Here is part of the email, our new French friend sent us after her visit:

I picked up all the forms today and there are a lot of papers to fill and to collect in several government offices.
Then I have to go to a solicitor to prove to the French government that I’m a trustworthy person and also to collect some others paper (to prove that the house is really mine for example).
This will take time, I’m afraid.
When the file is OK, I have to give it to the city hall, then the police will come to my house to check that everything I wrote in the file is correct.
After that, we have to wait 15 days to get the lodging attestation by the town hall.
I’m afraid it will take long time to do everything, but I will try my best to do this as soon as possible.

And so, Darling Man took the train down to Bangkok without an official lodging attestation from France. He took a letter written by the French family, and a copy of the home owner’s identity card. He took the scanned Dutch lodging attestation and a scanned letter from our hosts in Italy. He also took a copy of the booking I made for our first few nights in Paris and a copy of the letter of inquiry I sent to what we hope will be our first camp site, in Aix-en-Provence. He also took a letter from me saying that we were traveling together, we had no ties in France, plenty of money, flexible tickets and that we hadn’t given ourselves enough time to get the specified paperwork from Europe. I also wrote about how we were going to be cycling and camping with a two-year-old and we hadn’t booked all our campsites because we weren’t sure how far we could travel every day. I also pointed out that Darling Man’s wife and daughter would get a visa on arrival, no questions asked.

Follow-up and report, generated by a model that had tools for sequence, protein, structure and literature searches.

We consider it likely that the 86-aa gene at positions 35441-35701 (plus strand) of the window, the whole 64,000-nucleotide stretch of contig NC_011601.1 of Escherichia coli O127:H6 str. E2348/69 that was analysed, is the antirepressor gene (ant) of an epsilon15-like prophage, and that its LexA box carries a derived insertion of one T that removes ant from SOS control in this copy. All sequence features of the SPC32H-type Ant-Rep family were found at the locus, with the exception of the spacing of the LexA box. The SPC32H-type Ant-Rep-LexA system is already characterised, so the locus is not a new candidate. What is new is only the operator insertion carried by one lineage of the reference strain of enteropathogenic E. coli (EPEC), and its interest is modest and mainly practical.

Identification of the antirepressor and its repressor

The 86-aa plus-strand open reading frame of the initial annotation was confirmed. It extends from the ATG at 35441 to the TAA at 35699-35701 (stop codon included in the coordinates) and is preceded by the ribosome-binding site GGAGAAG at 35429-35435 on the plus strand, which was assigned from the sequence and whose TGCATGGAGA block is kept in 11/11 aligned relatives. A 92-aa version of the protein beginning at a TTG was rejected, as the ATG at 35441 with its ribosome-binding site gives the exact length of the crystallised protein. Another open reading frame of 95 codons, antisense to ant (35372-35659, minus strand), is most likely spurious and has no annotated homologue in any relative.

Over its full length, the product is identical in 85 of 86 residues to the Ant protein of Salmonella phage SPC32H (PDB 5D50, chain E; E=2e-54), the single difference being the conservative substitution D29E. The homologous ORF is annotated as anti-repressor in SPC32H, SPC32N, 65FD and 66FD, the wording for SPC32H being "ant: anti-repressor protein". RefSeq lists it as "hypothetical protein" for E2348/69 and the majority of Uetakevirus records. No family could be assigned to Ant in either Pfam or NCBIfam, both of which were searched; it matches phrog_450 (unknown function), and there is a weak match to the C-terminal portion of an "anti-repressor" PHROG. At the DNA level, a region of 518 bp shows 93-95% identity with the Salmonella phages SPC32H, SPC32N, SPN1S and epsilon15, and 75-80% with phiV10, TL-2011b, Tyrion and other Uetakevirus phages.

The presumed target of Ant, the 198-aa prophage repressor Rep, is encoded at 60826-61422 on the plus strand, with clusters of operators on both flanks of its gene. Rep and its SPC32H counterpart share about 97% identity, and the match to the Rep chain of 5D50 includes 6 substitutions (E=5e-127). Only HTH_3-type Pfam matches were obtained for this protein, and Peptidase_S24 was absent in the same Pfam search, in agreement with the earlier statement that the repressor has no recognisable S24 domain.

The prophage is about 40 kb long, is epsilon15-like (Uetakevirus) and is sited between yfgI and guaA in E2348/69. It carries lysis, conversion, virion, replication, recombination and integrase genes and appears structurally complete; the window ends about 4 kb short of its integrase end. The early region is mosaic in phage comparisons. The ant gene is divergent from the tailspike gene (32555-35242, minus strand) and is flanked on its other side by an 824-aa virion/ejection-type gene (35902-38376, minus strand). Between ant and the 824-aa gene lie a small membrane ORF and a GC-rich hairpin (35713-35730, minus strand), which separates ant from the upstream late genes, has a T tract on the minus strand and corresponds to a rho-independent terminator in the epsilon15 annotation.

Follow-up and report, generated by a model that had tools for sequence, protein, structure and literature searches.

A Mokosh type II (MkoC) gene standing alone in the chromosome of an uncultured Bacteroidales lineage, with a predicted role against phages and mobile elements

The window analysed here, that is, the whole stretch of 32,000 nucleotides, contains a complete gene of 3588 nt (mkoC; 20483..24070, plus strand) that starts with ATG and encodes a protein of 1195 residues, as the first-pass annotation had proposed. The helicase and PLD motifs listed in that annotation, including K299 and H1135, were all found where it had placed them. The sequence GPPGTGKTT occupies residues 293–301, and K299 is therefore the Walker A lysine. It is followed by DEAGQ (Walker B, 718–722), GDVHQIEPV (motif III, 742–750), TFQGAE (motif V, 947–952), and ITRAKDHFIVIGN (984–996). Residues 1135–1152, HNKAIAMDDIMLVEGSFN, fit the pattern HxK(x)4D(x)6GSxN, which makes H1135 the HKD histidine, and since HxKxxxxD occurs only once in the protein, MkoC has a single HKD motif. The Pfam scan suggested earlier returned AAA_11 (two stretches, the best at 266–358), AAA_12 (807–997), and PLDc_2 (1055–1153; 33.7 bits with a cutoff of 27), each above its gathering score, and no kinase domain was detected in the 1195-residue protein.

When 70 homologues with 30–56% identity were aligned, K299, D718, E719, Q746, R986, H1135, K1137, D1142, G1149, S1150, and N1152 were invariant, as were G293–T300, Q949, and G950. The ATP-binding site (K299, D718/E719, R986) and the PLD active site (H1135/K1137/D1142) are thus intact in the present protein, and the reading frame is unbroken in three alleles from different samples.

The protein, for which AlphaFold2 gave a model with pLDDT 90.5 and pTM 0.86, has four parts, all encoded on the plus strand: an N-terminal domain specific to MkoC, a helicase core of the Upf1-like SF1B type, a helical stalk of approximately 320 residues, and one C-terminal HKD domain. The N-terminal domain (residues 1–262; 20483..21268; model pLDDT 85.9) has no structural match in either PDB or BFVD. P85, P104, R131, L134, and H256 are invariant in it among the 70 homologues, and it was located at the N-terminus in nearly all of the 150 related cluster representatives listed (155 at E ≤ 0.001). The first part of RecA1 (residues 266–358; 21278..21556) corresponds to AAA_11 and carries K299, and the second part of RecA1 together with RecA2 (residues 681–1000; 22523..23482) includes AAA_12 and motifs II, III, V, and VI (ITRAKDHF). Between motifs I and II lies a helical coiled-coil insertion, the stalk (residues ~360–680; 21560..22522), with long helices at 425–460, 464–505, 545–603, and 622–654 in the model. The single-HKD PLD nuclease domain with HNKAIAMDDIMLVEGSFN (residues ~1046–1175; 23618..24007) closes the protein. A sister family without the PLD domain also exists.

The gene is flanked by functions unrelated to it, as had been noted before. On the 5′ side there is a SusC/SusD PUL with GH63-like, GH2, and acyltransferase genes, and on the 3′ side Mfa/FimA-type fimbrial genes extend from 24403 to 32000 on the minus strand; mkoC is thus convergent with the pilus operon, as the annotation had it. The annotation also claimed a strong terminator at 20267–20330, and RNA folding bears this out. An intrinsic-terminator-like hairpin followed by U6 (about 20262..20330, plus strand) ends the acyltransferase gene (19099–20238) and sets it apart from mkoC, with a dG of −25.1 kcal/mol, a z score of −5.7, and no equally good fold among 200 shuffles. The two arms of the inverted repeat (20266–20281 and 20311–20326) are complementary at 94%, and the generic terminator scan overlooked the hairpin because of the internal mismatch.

Darling Man fronted up for his appointment, made through the automated appointment booking system. He was told he didn’t have the correct paperwork. He was told he should be applying for a visa at the French Embassy in Vietnam because he’s Vietnamese. He was told to write a letter explaining why he was applying for a visa in the wrong country. He was asked if he really wanted to submit the application considering the high risk of rejection.

And so, now we wait. Wait to find out if we will travel to France as a family. Wait to find out if we need to cancel flights, reschedule our holiday, get more documents sent over…